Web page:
2 306 Cell Tissue Res (2008) 334: cytophilic humoral molecules with functional similarities to vertebrate cytokines (Beck 1998; Beschin et al. 2003), being capable of modulating defence responses to exogenous and endogenous insults. Invertebrate TNF-like molecules have primarily been derived from indirect studies by using antibodies against mammalian TNFα (Beshin et al. 2001). The analogy is also based on the sensitivity of invertebrate immunocytes to the effects of vertebrate cytokines, and the responsiveness of vertebrate immune cells to invertebrate factors. Epitopes recognized by antibodies against heterologous cytokine have been found in sponges (Pfeifer et al. 1992) and molluscs (Ouwe-Missi- Oukem-Boyer et al. 1994); in the mollusc Mytilus edulis, TNFα-like gene expression is involved in immune-neural communication (Hughes et al. 1990), and a homolog of TNFα affects cell signaling and function in the hemocytes of M. galloprovincialis (Betti et al. 2006). TNFα-like molecules and activity have been described in insect hemocytes (Franchini et al. 1996; Wittwer et al. 1999). Recently, isoforms of a type II transmembrane protein with a C-terminal TNF homology domain (Eiger) expressed in Drosophila melanogaster have been cloned and sequenced (Moreno et al. 2002) and appear to act as inducers of apoptosis. Finally, despite the absence of any gene homology, an earthworm coelomic fluid cytotoxic factor (CCF-1) has shown low sequence similarity and functional analogy with mammal TNF (Olivares Fontt et al. 2002; Bilej et al. 2006). Tunicates are regarded as a key group in chordate phylogenesis (Hori and Osawa 1987; Field et al. 1988; Zeng and Swalla 2005; Swalla et al. 2000) and have recently been proposed as the sister group of vertebrates (Delsuc et al. 2006). The debate regarding chordate phylogenetic relationships has further enhanced interest in considerations of ascidians (a class of tunicates) as an unique experimental system for evolutionary immunological studies on the emergence of vertebrate immunity. Hemocytes are protagonists of ascidian immunity (Parrinello 1996; Pinto et al. 2003; Parrinello et al. 2007; Vizzini et al. 2008; Shida et al. 2003; Ballarin et al. 2001), and ascidian cytokine-like molecules have been revealed by immunological (antibodies against heterologous cytokines) and biochemical methods. Humoral factors named tunicate-cytokines stimulate cell proliferation and modulate hemocyte phagocytosis activity or opsonized yeast (see Beschin et al. 2001; Parrinello et al. 2007). Recent progress in the genome sequencing of Ciona intestinalis has led to the development of an important tool for examining gene function and expression in immune responses. cdna/est derived from C. intestinalis hemocytes together with the identification of the corresponding gene in the draft Ciona genome sequence (Terajima et al. 2003; Shida et al. 2003) have demonstrated the existence of an ectodysplasin/tnf-like multigene family. Recently, the C. savigny genome has been sequenced, and a TNF-like gene predicted and annotated. However, whether ascidian cells and tissues express TNF in inflammatory reactions remains to be elucidated, and no data exist on cytokine involvement during their immune responses. Since previous papers have reported that, in the C. intestinalis body wall, an inflammatory reaction can be induced by injecting inflammatory agents (Parrinello et al. 1984a, b) including LPS (Parrinello et al. 2007; Vizzini et al. 2008), we have examined the early phase of this response to check for the involvement of a TNFα-like cytokine. In the present paper, we report the cloning and sequencing of a CiTNFα-like cdna and, for the first time, demonstrate that LPS promptly induces the gene expression as shown by real-time polymerase chain reaction (PCR) analysis and in situ hybridization (ISH) assay. Comparative sequence analysis has revealed that the cloned C. intestinalis and the predicted C. savigny TNF-like genes cluster at a phylogenetic position close to vertebrate TNFs, whereas a considerable distance separates ascidian TNFs from D. melanogaster Eiger isoforms, with an even greater distance separating ascidian TNFs from earthworm CCF. Finally, monoclonal antibodies have identified epitopes of human recombinant TNFα (hrtnfα) in a 15-kDa protein of the hemolymph serum and in a 43-kDa protein of the hemocyte lysate supernatant, and both appear to be modulated by LPS challenge. Materials and methods Tunicates Ascidians were collected from Termini Imerese harbor (Sicily, Italy), maintained in tanks with aerated sea water at 15 C, and fed every second day with the marine invertebrate diet coraliquid (Sera Heinsberg, Germany). LPS injection LPS (Escherichia coli 055:B5; Sigma-Aldrich, Germany) solution was prepared in sterile marine solution (MS: 12 mm CaCl 2.6H 2 O, 11 mm KCl, 26 mm MgCl 2.6H 2 O, 43 mm TRIS-HCl, 0.4 M NaCl, ph 8.0; isosmotic with C. intestinalis hemolymph at 1090 mosm kg -1 ). The solution was inoculated (100 µg LPS in 100 µl MS per animal) into the tunic tissue at the median body wall region. Ascidians, both untreated and injected with MS (100 µl), were used as controls. Hemolymph collection and preparation of hemocyte suspension To collect hemocytes, hemolymph was harvested into a two-fold excess of ice-cold sterile anticoagulant solution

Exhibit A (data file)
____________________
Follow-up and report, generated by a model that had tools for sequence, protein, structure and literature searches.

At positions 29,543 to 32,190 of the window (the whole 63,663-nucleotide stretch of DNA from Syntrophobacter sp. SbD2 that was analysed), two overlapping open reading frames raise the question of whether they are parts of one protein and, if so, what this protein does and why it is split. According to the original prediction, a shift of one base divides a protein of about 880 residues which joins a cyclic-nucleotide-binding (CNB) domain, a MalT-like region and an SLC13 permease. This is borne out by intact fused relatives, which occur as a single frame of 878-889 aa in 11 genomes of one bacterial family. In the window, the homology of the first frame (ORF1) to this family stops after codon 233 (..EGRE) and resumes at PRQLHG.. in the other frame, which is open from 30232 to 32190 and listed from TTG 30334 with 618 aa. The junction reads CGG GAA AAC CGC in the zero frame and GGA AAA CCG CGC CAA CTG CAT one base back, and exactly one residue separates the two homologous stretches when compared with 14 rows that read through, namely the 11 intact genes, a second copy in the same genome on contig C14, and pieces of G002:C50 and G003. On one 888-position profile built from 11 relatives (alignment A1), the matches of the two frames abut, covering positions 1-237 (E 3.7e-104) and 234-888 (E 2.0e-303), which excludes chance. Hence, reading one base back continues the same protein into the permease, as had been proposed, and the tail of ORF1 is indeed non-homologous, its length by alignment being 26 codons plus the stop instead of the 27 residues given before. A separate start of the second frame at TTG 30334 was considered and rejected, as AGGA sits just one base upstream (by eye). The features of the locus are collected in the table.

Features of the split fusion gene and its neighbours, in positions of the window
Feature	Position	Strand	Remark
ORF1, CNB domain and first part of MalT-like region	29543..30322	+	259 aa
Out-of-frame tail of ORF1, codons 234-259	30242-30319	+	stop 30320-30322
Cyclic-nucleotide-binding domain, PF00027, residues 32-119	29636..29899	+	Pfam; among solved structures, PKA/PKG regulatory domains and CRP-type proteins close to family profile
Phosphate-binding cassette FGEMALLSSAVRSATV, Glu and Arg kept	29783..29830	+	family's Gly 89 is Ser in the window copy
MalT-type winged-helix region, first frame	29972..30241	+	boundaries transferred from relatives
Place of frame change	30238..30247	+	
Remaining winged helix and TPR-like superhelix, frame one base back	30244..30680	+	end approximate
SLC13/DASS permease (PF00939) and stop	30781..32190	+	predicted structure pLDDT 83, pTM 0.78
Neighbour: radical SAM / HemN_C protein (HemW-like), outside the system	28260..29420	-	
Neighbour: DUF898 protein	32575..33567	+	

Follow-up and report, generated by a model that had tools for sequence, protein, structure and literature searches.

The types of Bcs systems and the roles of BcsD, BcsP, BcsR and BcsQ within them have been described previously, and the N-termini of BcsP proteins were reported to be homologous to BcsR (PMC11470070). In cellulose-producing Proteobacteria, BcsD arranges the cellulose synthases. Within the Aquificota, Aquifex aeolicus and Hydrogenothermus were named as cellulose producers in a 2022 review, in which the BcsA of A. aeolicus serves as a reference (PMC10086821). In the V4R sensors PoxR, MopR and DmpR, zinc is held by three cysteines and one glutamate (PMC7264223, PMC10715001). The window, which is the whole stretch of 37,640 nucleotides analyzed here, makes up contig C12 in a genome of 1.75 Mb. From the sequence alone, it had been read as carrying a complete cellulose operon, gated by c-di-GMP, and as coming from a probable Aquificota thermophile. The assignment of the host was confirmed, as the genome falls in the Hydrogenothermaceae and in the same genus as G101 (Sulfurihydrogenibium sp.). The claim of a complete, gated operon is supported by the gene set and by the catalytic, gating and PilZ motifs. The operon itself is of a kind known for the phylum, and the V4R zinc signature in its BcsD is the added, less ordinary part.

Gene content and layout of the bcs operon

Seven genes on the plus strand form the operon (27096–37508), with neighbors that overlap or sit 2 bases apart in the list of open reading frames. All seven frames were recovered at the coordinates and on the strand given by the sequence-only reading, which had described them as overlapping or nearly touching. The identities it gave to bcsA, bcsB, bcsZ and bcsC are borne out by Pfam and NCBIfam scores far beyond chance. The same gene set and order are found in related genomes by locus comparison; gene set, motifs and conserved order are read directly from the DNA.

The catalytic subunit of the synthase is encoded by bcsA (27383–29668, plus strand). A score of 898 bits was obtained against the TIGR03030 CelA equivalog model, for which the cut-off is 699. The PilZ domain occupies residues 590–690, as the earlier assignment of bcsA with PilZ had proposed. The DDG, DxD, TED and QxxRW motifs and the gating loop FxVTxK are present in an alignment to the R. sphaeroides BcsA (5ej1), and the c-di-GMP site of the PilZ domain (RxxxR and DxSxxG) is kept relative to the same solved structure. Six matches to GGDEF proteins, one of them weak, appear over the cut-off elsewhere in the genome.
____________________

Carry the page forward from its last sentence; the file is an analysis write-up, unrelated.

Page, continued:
3 Cell Tissue Res (2008) 334: (11 mm KCl, 43 mm TRIS-HCl, 0.4 M NaCl, 10 mm EDTA, ph 7.4). The hemolymph was withdrawn from the heart with a sterile syringe containing anticoagulant solution (1:2) and immediately centrifuged at 800g (10 min, 4 C). The hemocytes were washed with ice-cold sterile anticoagulant solution and suspended in MS (see above). Cells were counted by using an improved Neubauer chamber. Dead hemocytes were estimated by the Trypan blue (0.05% final concentration in MS) exclusion test, and values lower than 2.0% were found. To prepare serum, the hemolymph was allowed to stand for 1 h at room temperature and was then centrifuged at 800g for 15 min at 4 C. Hemocyte lysate preparation Hemocytes were suspended in RIPA buffer (50 mm TRIS- HCl, ph 7.4, 150 mm NaCl, 0.1 mm EDTA, 1% Triton X- 100, 1% sodium deoxycholate, 0.1% SDS) with a protease inhibitor cocktail (pepstatin A, E-64, bestatin, leupeptin, aprotinin, and AEBSF) and incubated on ice for 20 min. After incubation, they were shaken vigorously three times. Hemocyte lysates were centrifuged at 14,000g for 20 min at 4 C, and supernatants held at -80 C. Protein content was measured by the Bradford method (Bradford 1976) with bovine serum albumin (BSA) as a standard. Pharynx and body wall explants The tunic surface was cleaned and sterilized with ethyl alcohol, and pharynx fragments (200 mg) were excised from the injection site at various times after inoculation (0 12 h). To prepare histological sections, body wall fragments containing both tunic and pharynx tissue were excised from the injection site. Total RNA extraction and cdna synthesis To check for CiTNFα mrna expression, pharynx (200 mg/ascidian) was explanted at various times (from 1 to 48 h), immediately soaked in RNAlater Tissue collection (Ambion, Austin, Tex.), and stored at -80 C. Total RNA was isolated from the ascidian tissues by using an RNAqueous-Midi Kit purification system (Ambion) and reverse-transcribed by the Cloned AMV First-Strand cdna Synthesis Kit (Invitrogen). Database search and primer design The amino acid sequence of human TNFα (accession number: NP_000585) was used for a BLAST search of a C. intestinalis genomic sequence database in the Ensemble genome browser, which produces and maintains automatic annotation of selected eukaryotic genomes. The following genes, which show sequence similarities with components of the TNF family, were identified (Ensemble ID: ENSC- ING ENSCINP , ENSCINP , ENSCINP , ENSCINP ). The ENSCING predicted gene showed the highest similarity with vertebrate TNFα (sequence alignments and comparative analysis). Two primer pairs were designed from the sequence flanking the 5 and 3 ends in order to obtain overlapping parts of the coding region (Table 1). Cloning and sequencing of PCR products The primer pairs were used for amplifying cdna obtained by reverse-transcription of mrna of pharynx fragments excised from the body wall injection site 4 h after LPS injection. PCR was performed with AmpliTaq Gold DNA Polymerase (Applied Biosystems) and the primers listed in Table 1. Amplification comprised 2 min of initial denaturation at 95 C, followed by 30 cycles consisting of 95 C for 30 s, 1 min at the respective annealing temperatures, 72 C for 1 min, and a final extension at 72 C for 7 min. Finally, PCR products were cloned into the pcriivector (TA cloning Kit, Invitrogen) and sequenced. To determine the nucleotide sequence, suitable amounts of lyophilized samples were analyzed at the CRIBI Biotechnology Center of the University of Padua, Italy ( on an ABI PRISM-DNA sequencer (Applied Biosystems). Sequence and phylogenetic analysis To examine deduced amino acid sequence homologies, multiple alignments were accomplished with the Clustal W program (Thompson et al. 1994). The sequence alignment was performed with Clustal X v.1.81 (Thompson et al. 1997) and similarity shaded with GeneDoc v (Nicholas and Nicholas 1997). A phylogenetic tree was constructed by the neighbor-joining method (NJ), and Table 1 Primers used Primer CiTNF1 forward primer CiTNF1 reverse primer CiTNF2 forward primer CiTNF2 reverse primer Sequence 5 -GAC AGT ACT TGG TTT ACA TGC-3 5 -AGA ACA TATA TAT GGA CGA TGC AAT ATG CAG TCC TTG TCG T-3 5 -CCA TAT GTG TCA GCA TAC AA-3